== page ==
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10/05/06 4:21 PM ET

Hoffman, Smith share same stage

Pads closer catches first pitch from ex-saves record holder

SAN DIEGO -- On a cloudy Thursday morning in San Diego, the past and the present took the field at the same time.

Trevor Hoffman, the all-time saves leader as of Sept. 24, sat next to Lee Smith, the man Hoffman passed to obtain the record.

"I told him a little while ago, thanks for all the publicity," Smith said.

"Well, one thing I wanted him to do was hold off for another year. Let me like bask in that glory for a little longer."

Hoffman broke Smith's record in the last home game of the regular season with his 479th save, and had invited Smith to San Diego to be on hand for the possible record-breaking weekend. Smith could not make it due to prior commitments, but on Thursday, the 48-year-old Smith was at PETCO Park, throwing out the ceremonial first pitch to Hoffman before Game 2 of the National League Division Series between the Padres and the Cardinals.

Smith not only had his all-time saves record broken this season, but his Cardinals franchise record of 160 saves was passed on June 13 by St. Louis closer Jason Isringhausen. Smith, with St. Louis from 1990-1993, enjoyed his most productive seasons in a Cardinals uniform, earning a career-high 47 saves in 1991.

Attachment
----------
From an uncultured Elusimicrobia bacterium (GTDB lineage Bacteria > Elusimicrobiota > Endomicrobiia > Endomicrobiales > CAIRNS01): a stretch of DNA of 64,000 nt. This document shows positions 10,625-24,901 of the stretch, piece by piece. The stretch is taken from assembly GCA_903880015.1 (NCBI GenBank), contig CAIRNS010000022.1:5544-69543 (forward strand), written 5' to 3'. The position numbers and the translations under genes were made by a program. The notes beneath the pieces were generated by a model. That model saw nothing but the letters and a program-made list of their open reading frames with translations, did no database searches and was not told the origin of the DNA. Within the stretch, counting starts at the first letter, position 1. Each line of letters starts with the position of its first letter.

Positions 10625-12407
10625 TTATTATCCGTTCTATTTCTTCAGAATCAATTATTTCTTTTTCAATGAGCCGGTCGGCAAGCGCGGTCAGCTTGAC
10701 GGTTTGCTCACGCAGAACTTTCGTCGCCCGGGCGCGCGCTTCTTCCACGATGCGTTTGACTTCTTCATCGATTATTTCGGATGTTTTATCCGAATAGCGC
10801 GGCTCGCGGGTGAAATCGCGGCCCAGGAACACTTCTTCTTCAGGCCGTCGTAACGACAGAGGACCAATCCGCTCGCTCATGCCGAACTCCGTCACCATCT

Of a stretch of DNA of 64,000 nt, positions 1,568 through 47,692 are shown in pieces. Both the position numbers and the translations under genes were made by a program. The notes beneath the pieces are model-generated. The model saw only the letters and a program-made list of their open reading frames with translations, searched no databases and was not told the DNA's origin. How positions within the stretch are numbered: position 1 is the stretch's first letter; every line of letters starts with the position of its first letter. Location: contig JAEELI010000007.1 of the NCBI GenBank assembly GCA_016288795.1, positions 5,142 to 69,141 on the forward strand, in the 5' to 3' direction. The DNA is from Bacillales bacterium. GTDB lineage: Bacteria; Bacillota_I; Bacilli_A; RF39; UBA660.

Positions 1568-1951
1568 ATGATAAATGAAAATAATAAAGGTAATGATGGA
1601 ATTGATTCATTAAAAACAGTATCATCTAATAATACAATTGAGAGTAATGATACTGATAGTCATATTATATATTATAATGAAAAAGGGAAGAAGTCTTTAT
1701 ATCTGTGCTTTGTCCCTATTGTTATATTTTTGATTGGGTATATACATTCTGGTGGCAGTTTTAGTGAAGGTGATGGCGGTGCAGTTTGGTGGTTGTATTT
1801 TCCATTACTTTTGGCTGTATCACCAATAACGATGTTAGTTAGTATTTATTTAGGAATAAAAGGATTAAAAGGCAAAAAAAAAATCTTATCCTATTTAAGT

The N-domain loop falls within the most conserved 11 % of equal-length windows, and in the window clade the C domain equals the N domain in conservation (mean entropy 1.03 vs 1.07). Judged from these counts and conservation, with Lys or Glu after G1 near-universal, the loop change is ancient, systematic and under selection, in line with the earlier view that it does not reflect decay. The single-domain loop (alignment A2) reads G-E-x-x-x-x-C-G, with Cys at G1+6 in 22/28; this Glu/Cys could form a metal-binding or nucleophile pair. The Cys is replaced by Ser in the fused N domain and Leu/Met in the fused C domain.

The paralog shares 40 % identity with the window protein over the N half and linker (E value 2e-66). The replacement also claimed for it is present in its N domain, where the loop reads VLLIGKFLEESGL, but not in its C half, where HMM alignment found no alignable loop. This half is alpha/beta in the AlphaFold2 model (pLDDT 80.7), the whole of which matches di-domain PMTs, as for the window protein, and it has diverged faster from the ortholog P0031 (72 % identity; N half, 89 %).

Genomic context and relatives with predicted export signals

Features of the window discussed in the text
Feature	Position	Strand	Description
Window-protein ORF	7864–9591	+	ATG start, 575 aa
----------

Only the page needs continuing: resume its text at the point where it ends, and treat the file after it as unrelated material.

Smith hit the 40-saves mark two more times in his 18-year career, which ended in 1997 with Montreal. Hoffman, still going strong at 38 years old, led the league with 46 saves this year, the eighth time the right-hander has accumulated at least 40 saves in a season. In 1998, Hoffman eclipsed the 50-save mark, saving a National League-leading 53 games.

The way these two men went about shutting the doors on games is quite different. Smith had the fortune of a sizzling fastball. Hoffman did at the start of his closing career, but due to shoulder issues over his time in the Major Leagues, he successfully evolved into a finesse pitcher with changeup that continues to baffle hitters.

One common thread between the two is each closer's desire to be on the mound when the game is on the line. Another is their work ethic.

"For myself, I would go as far as watching the umpires and situational hitting, and I went to hitters' meetings, listen to things like that," Smith said.

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"But the thing is when you go between the lines, I was a fastball pitcher. If a guy is a good fastball hitter, I'm not going to change what I do when I go out there. That's what I see in Trevor. You don't go out there day in, day out and try to pitch the situation. You got to go out there. My game is what it is. I can't change that because that's what got you there."

Smith is hoping that all this publicity will help earn him induction into the Hall of Fame, and get more of an appreciation for closers in general. Hoffman hopes for the same.

"Lee did an unbelievable job grinding it out as long as he did," Hoffman said. "I don't think there's enough credit given to the closer, let alone the number he threw out there for us to chase. Truly remarkable."

Not just anyone can close the door on baseball games, as any fan can see. As Smith said Thursday, "It's just something about that 27th out that scares a lot of guys."

For Hoffman and Smith, taking the field together on Thursday, they have never been scared of the 27th out being in their hands. And the record books reflect that.

Amanda Branam is an associate reporter for MLB.com. This story was not subject to the approval of Major League Baseball or its clubs.